Tampa Bay Times' Scores

  • Movies
For 916 reviews, this publication has graded:
  • 66% higher than the average critic
  • 2% same as the average critic
  • 32% lower than the average critic
On average, this publication grades 4.7 points higher than other critics. (0-100 point scale)
Average Movie review score: 68
Highest review score: 100 12 Years a Slave
Lowest review score: 0 The Change-Up
Score distribution:
  1. Negative: 86 out of 916
916 movie reviews
  1. Any resemblance between Allied and a much better movie on the subject isn't coincidental but unfortunate.
  2. Cool Runnings is enormously unfaithful to its subject, piling on one sports cliche after another with shallow characterizations...Regardless of those faults, Cool Runnings has an agreeable goofiness to it that brushes aside any picky complaints. It isn't art, but it surely is disposable fun. [1 Oct 1993, p.6B]
    • Tampa Bay Times
  3. Rules Don't Apply is affably mediocre, even tolerable between brief pleasures. The movie's lone constant amusement is Beatty's madcap portrayal of Hughes, keeping aloft his Spruce Goose of nonromantic not quite comedy.
  4. The Beaver plays like a thickly veiled confessional and plea for forgiveness. It's too creepy for comfort.
  5. If you prefer hipster romantic comedies that are unromantic and not too funny, Lee Toland Krieger's movie may be your grande half-caf caramel mocha frappe.
  6. Woo directs Mission: Impossible 2 cautiously, as if still introducing himself to U.S. audiences despite Face-Off and Broken Arrow. Or maybe he has nothing left to say about the poetry of violence after such visual eloquence in his Chinese classics. [24 May 2000, p.1D]
    • Tampa Bay Times
    • 59 Metascore
    • 42 Critic Score
    Turns out we were right to wonder. The first film based on The Hobbit was charming fun, the second pretty good, too. But The Hobbit: The Battle of the Five Armies is a film too far, tedious and overlong and short on most of the elements that made the first two work.
  7. There might be a great movie about any of Hoover's triumphs and secrets, but not all at once.
  8. Ultimately, the movie's energy rises and falls on the presence of Adam Driver as Wallace's libido-on-legs friend, who can make you believe sex can solve anything. Except this movie.
  9. Director Robert Lorenz makes a nondescript debut, after assisting Eastwood on several of his directing gigs. The student hasn't learned much from the teacher about economic storytelling or deflecting schmaltz.
  10. In telling someone else's story Crowe loses track of his own as a cultural definer, not a panderer. Mee bought a zoo; Crowe sells out.
  11. Despite its overt feminism, Neighbors 2 makes the sorority unravel when its guiding man leaves. It's one of several mixed messages in the screenplay, possibly due to having five writers' fingerprints on it.
  12. This is such a generic endeavor — not a poor effort, just one that doesn't attempt to do anything besides splash a screen with color and movement.
  13. Fey and Poehler remain game throughout, mustering a bit of besties magic here and there. Sisters flips a tested formula to become the New Coke of comedy, looking familiar and bubbly on the surface, disposable before it's finished.
  14. It's a one-note character that Bardem builds into a complex emotional chord, lessening the urge to dismiss Biutiful solely as an endurance test for viewers.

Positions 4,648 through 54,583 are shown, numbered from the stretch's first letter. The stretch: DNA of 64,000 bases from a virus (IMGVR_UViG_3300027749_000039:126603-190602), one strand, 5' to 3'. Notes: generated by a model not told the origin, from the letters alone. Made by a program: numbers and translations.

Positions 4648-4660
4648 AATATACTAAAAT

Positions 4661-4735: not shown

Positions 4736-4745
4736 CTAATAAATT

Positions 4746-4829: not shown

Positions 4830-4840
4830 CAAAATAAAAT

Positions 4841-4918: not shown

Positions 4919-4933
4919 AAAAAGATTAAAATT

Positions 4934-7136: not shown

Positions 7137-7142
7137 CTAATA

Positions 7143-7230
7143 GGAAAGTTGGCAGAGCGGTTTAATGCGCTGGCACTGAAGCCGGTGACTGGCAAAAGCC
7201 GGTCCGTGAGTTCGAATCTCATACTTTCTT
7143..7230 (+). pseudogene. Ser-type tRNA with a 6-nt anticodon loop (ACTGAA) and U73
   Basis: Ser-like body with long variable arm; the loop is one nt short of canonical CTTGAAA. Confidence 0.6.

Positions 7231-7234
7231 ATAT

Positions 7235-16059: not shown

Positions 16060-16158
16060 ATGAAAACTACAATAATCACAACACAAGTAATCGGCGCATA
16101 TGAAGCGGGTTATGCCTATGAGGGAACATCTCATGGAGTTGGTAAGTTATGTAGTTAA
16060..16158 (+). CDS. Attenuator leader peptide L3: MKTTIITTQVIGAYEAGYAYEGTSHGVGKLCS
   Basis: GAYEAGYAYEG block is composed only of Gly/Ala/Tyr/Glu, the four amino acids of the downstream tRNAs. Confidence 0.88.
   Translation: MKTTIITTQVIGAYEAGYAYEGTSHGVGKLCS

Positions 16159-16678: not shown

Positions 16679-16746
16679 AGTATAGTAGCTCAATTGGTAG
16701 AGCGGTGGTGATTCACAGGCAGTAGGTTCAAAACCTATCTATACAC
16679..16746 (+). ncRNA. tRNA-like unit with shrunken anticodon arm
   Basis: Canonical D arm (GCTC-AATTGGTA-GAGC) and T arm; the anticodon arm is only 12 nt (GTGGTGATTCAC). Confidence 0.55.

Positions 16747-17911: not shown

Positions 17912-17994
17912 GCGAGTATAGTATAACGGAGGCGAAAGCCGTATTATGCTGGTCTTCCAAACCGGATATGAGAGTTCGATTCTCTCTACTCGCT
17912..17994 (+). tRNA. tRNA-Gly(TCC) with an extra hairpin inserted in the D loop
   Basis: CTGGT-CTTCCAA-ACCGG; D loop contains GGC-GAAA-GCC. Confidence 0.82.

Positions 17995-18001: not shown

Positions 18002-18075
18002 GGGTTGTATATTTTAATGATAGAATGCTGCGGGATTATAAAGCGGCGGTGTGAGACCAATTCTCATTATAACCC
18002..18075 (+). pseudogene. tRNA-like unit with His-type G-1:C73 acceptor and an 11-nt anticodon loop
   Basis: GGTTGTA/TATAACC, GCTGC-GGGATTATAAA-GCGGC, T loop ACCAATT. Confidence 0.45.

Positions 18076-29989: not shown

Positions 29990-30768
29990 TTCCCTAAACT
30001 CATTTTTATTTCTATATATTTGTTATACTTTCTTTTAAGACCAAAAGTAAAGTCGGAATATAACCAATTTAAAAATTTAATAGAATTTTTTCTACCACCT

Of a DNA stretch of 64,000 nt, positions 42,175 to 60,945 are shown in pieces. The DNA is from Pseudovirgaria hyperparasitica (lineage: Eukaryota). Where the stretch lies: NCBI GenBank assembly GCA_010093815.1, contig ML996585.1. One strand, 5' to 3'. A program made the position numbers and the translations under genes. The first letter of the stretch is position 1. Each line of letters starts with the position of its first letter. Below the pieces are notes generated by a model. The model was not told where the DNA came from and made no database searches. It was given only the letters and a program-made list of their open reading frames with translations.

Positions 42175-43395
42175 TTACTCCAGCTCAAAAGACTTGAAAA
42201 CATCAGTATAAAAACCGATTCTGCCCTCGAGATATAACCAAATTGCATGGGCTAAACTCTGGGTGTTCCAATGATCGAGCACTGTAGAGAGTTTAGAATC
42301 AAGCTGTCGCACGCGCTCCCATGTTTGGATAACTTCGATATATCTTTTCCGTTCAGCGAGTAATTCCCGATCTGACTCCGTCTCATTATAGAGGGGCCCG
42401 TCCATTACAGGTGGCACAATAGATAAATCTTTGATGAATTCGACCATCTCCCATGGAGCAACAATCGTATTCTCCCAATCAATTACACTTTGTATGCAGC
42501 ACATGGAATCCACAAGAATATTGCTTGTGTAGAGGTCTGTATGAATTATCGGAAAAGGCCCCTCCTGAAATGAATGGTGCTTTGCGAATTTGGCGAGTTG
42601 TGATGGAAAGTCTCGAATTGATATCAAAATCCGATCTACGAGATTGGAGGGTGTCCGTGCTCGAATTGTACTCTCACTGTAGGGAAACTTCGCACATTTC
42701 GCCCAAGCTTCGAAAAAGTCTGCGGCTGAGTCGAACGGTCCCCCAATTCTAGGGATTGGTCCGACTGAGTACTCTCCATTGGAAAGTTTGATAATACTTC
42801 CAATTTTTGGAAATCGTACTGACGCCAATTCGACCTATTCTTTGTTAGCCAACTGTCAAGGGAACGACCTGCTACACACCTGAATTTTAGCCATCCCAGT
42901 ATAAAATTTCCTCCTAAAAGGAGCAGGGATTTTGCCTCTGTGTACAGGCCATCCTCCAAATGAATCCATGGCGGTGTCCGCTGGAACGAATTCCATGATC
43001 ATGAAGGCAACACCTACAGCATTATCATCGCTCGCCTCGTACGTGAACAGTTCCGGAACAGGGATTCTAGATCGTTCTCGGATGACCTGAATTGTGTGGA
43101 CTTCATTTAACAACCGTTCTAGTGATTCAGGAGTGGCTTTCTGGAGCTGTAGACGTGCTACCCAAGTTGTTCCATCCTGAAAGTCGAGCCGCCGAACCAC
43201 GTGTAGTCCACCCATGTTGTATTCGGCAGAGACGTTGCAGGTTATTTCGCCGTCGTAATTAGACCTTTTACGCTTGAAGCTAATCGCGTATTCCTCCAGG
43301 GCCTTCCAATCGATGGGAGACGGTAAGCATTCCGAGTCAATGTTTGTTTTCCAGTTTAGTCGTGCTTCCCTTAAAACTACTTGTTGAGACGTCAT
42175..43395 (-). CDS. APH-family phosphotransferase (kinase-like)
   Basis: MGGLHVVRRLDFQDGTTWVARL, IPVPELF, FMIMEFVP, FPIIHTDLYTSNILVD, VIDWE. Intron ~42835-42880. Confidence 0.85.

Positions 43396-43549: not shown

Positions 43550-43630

15. I honestly thought Eclipse would be different, after "New Moon" showed stirrings of cinematic life.
  16. If this movie truly cost $375 million to produce and market (as the L.A. Times reported), the biggest chunk isn't on the screen.
  17. Malaise isn't Tom Hanks' thing, so A Hologram for the King with its death of an IT salesman vibe isn't a good fit. Hanks is far too indelible as a can-do personality to play why bother.
  18. Whatever raffish charm Reeves and Swayze exhibit is lost in the superficial gloss of Iliff's screenplay and Bigelow's direction. [12 July 1991, p.7]
    • Tampa Bay Times
  19. It's a story told accurately, if not particularly well.
  20. The Night Before isn't anything Harold, Kumar or Billy Bob Thornton didn't desecrate before and better.
  21. Close's performance is technically perfect and emotionally pinched, which is exactly what her role calls for, but it doesn't make a compelling movie.
  22. The redneck rust bucket is on screen so much that 3-D glasses should come with tetanus shots.
  23. It's all art direction and no content. There's nothing for Morticia and Gomez to do. [22 Nov 1991, p.7]
    • Tampa Bay Times
  24. I spent several minutes not caring what was happening with the story but just observing the patchwork illusion of oversized props, short stunt doubles and computer grafting of big faces on small bodies. Nice work.
  25. Like a struggling sprinter, Stephen Hopkins' film suffers from wasted motion, too much going on. It's the difference between a merely competent movie and one justifying more discussion of Hollywood's commitment to reward diversity.
  26. Curled up at home with the lights off and DVD player running, Don't Be Afraid of the Dark might be passable fun. Spread over a movie screen, the film's modest ambition gets dwarfed by expectations, especially after paying for a ticket.
  27. Date Night is really just another example of what happens when funny sitcom stars are lumped together in a movie, believing that laughter exponentially increases with screen size.
  28. Stylish to a fault and straying from the source, Guy Ritchie's The Man From U.N.C.L.E. revives a 1960s television hit for the short attention spans of today's youth-skewing movie audience.
  29. Comedy and narrative demand more rhythm than simply scamper, jabber, fall but that's what Minions bring to the table.

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